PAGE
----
• Cancers
  • Immunology
  • Oncology

Location: QIMR Berghofer (Herston)

Type of student: PhD or MPhil only

Type of work: 

  • Literature review
  • Statistical analysis
  • Wet lab work

Avoiding destruction by immune cells is a hallmark of cancer, yet how tumors ultimately evade NK cell control remains incompletely defined. We have a project based upon the previously unrecognized TGF-B-dependent differentiation of conventional NK (cNK) cells in settings of lymphopenia and tumors. Strikingly, a higher proportion of cNK cells and their capacity for relatively high IFN-g/TNF-a production favored host protection from tumor initiation and growth, whereas tumor-localized NK cells that had differentiated appeared exhausted and corresponded with tumor growth. These data highlight the unexpected plasticity of cNK cells under pathophysiological conditions and reveal a novel mechanism by which tumors escape innate immune responses. We now wish to understand the role of innate-like cells in tumors and we wish to identify in preclinical models using various new fusion proteins the cancer therapeutic potential of specifically inhibiting NK cell differentiation and TGF-b signaling in cNK cells.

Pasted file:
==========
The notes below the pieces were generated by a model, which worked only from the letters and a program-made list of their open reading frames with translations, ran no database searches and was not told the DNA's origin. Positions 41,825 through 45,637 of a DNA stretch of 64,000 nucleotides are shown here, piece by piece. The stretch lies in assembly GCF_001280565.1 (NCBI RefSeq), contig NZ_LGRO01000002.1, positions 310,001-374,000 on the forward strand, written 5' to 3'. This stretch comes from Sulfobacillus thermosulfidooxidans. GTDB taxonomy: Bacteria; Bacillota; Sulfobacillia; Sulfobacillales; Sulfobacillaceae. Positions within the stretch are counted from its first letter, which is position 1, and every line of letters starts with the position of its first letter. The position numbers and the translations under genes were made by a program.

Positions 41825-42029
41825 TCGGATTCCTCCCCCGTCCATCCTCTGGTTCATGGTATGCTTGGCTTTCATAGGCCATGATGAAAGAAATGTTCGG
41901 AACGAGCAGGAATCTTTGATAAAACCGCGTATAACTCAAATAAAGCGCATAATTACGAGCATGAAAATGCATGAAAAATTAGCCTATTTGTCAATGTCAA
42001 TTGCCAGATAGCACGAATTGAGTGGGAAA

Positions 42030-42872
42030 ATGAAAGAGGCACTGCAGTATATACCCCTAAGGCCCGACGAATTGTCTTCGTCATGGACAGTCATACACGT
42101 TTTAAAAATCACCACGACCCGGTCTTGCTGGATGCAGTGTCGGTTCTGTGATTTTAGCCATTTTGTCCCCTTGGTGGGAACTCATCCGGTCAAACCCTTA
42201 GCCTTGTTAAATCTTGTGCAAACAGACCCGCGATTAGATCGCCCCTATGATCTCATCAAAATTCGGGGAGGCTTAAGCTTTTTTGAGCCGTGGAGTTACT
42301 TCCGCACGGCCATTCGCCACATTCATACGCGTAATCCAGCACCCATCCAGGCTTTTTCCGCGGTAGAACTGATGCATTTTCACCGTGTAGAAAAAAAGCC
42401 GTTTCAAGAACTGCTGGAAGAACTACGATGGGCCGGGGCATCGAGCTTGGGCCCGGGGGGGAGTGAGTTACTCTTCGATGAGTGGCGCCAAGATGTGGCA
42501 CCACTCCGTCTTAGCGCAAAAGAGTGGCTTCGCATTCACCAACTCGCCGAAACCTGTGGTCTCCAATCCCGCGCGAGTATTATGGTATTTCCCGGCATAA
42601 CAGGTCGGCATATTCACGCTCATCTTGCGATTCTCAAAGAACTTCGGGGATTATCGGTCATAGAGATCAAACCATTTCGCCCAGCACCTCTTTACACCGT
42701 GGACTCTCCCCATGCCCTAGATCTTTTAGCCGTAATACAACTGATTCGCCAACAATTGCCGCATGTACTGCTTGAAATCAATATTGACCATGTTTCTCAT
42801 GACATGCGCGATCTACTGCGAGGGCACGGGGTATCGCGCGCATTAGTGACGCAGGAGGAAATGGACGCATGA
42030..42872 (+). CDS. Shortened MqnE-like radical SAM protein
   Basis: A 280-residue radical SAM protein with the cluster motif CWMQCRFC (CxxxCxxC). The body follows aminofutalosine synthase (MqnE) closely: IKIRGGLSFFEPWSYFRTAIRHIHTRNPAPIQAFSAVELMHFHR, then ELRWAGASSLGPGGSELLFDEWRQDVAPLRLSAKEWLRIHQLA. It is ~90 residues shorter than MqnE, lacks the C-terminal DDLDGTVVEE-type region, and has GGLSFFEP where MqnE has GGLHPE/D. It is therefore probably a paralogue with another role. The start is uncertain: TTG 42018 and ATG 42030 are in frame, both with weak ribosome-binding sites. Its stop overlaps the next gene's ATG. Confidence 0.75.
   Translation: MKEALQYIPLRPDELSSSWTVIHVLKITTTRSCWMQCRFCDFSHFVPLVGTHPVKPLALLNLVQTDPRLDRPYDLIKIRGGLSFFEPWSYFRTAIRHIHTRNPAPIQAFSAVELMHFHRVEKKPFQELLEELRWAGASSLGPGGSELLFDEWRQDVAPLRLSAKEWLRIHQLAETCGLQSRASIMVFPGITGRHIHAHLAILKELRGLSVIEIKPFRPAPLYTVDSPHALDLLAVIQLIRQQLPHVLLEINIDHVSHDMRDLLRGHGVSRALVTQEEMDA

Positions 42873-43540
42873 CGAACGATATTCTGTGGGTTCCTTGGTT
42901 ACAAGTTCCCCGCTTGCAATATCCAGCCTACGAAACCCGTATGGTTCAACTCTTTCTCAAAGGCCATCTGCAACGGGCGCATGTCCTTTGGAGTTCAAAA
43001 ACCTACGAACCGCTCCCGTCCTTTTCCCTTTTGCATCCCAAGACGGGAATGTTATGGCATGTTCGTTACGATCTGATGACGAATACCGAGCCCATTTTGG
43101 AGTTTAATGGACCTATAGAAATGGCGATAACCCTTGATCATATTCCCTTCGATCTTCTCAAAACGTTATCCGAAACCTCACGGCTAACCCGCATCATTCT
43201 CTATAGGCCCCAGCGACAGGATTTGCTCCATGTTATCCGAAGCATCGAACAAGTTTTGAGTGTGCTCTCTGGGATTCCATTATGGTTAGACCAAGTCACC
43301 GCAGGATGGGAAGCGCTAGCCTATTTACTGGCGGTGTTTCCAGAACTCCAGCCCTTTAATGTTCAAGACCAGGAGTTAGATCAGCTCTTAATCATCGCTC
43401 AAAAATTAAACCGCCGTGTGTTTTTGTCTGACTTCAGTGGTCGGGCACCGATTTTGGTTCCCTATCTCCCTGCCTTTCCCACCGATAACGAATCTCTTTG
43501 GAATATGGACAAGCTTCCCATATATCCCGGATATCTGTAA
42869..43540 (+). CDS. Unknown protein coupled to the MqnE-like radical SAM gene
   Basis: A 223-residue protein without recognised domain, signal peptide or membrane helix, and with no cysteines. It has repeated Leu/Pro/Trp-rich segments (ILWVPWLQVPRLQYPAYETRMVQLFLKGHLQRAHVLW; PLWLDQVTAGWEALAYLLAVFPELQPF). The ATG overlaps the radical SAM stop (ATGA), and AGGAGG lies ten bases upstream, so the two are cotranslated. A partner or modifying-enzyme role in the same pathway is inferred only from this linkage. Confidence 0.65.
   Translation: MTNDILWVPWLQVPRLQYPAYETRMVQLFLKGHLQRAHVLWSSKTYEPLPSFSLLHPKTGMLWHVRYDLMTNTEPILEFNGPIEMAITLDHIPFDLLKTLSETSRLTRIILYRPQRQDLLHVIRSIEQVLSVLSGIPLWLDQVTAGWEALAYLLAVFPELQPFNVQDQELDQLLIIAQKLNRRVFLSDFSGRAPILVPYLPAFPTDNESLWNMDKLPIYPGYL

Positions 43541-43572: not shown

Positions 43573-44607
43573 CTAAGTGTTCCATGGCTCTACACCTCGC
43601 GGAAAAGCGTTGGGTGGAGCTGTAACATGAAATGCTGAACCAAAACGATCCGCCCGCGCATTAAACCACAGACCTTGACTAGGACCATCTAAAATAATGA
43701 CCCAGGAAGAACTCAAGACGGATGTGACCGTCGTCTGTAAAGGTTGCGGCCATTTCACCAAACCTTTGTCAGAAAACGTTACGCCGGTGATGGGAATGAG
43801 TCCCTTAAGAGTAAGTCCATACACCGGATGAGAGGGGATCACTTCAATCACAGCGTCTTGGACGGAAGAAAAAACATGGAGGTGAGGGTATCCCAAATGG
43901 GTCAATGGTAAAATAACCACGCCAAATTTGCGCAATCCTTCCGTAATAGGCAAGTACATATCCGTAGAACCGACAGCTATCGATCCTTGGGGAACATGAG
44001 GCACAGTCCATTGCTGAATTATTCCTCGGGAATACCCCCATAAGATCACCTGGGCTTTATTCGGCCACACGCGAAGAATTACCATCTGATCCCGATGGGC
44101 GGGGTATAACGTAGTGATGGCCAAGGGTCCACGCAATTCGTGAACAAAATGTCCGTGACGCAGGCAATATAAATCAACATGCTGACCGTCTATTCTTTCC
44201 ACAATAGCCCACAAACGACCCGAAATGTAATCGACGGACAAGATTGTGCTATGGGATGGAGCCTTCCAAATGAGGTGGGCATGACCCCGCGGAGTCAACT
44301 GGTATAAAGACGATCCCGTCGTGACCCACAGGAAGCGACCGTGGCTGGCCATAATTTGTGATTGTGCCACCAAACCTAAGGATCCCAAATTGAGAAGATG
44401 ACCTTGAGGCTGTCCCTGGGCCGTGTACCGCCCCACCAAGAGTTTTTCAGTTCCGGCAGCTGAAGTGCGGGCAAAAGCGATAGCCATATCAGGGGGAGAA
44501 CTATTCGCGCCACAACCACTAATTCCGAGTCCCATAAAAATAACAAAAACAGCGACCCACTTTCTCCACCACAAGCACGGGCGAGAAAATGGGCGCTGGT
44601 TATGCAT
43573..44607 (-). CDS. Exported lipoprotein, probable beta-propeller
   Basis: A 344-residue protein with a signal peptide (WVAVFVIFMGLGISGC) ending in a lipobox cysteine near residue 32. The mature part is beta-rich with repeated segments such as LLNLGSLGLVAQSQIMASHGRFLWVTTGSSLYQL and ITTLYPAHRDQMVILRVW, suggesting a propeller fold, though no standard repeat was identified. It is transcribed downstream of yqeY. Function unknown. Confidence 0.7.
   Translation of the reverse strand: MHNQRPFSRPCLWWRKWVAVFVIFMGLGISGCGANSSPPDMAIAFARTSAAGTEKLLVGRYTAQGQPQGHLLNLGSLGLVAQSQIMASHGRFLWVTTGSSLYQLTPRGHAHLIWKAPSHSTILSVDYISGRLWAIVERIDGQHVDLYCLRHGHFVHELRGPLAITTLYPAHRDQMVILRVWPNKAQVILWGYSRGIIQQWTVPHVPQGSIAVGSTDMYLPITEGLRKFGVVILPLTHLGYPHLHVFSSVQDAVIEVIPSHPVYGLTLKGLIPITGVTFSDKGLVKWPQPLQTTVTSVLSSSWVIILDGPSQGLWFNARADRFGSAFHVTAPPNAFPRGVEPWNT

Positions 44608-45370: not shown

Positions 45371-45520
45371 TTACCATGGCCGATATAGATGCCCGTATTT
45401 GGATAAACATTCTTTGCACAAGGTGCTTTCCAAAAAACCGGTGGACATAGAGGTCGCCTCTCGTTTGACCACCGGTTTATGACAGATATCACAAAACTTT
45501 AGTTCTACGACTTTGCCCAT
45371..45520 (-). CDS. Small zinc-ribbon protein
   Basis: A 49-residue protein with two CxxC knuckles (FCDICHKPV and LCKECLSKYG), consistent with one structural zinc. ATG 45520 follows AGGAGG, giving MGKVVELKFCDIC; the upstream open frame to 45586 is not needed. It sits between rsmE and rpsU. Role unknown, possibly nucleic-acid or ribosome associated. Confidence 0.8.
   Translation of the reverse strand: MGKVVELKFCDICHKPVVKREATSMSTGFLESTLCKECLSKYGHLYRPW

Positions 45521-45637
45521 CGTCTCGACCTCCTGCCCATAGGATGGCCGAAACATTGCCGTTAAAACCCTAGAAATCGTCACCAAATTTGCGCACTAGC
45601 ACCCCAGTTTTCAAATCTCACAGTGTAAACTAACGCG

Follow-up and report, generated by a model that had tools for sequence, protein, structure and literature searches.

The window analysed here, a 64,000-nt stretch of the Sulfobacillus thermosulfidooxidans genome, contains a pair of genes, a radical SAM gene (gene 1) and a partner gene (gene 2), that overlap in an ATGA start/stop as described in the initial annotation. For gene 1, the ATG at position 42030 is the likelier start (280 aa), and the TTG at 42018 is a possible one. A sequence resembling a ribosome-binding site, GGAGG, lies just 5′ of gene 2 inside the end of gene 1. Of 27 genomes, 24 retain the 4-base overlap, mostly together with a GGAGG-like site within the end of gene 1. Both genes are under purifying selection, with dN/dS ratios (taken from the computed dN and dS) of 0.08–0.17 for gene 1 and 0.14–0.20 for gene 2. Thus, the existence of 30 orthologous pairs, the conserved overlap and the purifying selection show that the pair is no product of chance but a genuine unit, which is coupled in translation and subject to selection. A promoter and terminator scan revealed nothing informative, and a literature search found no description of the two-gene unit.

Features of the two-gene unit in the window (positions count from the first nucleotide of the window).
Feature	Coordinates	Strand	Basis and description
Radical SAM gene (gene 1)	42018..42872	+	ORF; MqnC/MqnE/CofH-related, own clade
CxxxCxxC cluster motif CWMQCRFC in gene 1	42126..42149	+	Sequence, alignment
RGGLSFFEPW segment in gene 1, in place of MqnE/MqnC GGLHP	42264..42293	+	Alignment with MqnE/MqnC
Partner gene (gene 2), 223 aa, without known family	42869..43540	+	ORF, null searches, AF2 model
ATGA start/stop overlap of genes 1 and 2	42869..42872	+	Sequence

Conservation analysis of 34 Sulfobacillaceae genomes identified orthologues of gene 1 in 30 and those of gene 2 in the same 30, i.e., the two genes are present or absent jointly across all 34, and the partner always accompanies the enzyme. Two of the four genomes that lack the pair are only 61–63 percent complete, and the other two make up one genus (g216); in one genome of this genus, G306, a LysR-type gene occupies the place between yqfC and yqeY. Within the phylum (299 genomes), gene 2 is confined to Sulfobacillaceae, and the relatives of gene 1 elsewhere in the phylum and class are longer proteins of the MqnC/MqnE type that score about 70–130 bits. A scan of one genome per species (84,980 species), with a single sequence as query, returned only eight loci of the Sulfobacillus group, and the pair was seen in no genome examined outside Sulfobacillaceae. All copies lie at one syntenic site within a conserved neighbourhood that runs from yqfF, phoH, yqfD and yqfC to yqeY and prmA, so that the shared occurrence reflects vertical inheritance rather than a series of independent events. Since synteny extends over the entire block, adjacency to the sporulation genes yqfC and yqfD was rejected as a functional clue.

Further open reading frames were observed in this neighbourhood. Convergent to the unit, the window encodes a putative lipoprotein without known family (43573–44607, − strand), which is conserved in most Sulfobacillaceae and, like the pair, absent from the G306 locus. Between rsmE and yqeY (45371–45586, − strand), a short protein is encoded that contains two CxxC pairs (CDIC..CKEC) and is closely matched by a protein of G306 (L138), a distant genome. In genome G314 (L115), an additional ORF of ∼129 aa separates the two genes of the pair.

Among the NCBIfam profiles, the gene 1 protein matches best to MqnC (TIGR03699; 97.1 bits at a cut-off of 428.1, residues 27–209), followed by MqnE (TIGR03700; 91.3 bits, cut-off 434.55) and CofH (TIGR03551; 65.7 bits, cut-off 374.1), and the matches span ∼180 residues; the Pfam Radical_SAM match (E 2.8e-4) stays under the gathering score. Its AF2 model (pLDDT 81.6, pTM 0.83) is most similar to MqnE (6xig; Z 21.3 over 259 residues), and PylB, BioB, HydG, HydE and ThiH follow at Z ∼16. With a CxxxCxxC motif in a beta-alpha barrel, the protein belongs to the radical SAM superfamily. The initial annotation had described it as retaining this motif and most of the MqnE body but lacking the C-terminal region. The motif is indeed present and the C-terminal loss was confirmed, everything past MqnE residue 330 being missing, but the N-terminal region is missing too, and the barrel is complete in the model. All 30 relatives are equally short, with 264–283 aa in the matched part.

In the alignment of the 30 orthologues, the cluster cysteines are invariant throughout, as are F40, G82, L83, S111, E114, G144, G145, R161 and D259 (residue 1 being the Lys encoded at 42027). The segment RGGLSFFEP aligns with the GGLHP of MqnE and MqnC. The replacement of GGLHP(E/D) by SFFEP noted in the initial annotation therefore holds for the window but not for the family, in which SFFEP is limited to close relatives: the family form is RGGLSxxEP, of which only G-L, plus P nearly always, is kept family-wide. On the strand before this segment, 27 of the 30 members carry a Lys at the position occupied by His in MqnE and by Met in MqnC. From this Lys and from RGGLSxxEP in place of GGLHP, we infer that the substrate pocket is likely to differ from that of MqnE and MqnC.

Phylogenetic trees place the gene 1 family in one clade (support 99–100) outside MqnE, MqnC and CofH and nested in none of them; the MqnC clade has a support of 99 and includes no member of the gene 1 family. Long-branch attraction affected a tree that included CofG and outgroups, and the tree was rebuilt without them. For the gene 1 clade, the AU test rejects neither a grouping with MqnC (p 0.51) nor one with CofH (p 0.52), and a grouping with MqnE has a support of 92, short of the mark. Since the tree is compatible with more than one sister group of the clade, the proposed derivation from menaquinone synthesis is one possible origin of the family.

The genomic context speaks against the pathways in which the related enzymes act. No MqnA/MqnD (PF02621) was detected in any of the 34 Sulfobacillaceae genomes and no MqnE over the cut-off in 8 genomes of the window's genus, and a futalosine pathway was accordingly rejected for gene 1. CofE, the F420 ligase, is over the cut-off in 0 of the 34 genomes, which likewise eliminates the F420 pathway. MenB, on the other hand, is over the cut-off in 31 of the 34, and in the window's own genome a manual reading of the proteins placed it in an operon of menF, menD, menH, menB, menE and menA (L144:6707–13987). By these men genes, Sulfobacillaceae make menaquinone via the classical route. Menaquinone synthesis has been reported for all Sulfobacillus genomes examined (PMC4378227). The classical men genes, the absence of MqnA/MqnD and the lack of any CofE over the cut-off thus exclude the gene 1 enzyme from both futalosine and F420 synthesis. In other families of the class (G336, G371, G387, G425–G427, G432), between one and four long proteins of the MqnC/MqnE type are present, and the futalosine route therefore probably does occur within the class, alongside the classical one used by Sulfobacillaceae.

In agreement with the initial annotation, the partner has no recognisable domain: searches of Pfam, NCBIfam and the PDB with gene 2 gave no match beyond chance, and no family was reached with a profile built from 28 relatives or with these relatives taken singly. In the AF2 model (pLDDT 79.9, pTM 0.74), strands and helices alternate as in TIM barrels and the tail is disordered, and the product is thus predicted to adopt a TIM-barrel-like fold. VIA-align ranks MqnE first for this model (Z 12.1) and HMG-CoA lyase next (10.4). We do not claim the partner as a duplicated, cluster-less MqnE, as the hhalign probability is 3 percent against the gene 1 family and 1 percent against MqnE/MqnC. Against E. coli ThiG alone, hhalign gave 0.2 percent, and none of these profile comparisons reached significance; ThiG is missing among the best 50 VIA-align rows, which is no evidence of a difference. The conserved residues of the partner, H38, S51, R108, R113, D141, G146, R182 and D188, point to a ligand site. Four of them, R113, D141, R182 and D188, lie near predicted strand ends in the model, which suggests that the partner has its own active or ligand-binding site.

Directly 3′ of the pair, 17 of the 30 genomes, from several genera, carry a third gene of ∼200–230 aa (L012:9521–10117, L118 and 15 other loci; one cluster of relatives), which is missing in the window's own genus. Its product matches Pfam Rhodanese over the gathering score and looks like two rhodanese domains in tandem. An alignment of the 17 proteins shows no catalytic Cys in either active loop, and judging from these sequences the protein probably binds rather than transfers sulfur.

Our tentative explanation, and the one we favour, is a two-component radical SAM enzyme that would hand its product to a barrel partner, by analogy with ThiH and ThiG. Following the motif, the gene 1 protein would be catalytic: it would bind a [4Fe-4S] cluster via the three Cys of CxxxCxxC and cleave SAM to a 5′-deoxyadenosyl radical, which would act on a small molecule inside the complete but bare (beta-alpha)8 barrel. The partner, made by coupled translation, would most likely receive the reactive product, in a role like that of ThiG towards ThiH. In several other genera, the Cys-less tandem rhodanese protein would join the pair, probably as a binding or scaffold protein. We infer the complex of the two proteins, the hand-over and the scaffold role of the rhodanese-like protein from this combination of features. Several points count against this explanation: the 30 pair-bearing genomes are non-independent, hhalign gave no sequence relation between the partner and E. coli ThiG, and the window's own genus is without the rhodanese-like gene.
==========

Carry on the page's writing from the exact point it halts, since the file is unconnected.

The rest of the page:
The project will concern research work in a team in the areas of cellular and molecular immunology, cancer cell biology, and angiogenesis in both mouse and human tumors.

Prerequisite skills: Theoretical training in immunology is highly desirable. Technical skills in animal experimentation, flow cytometry and/or cellular immunology are preferable.

Immunology in cancer and infection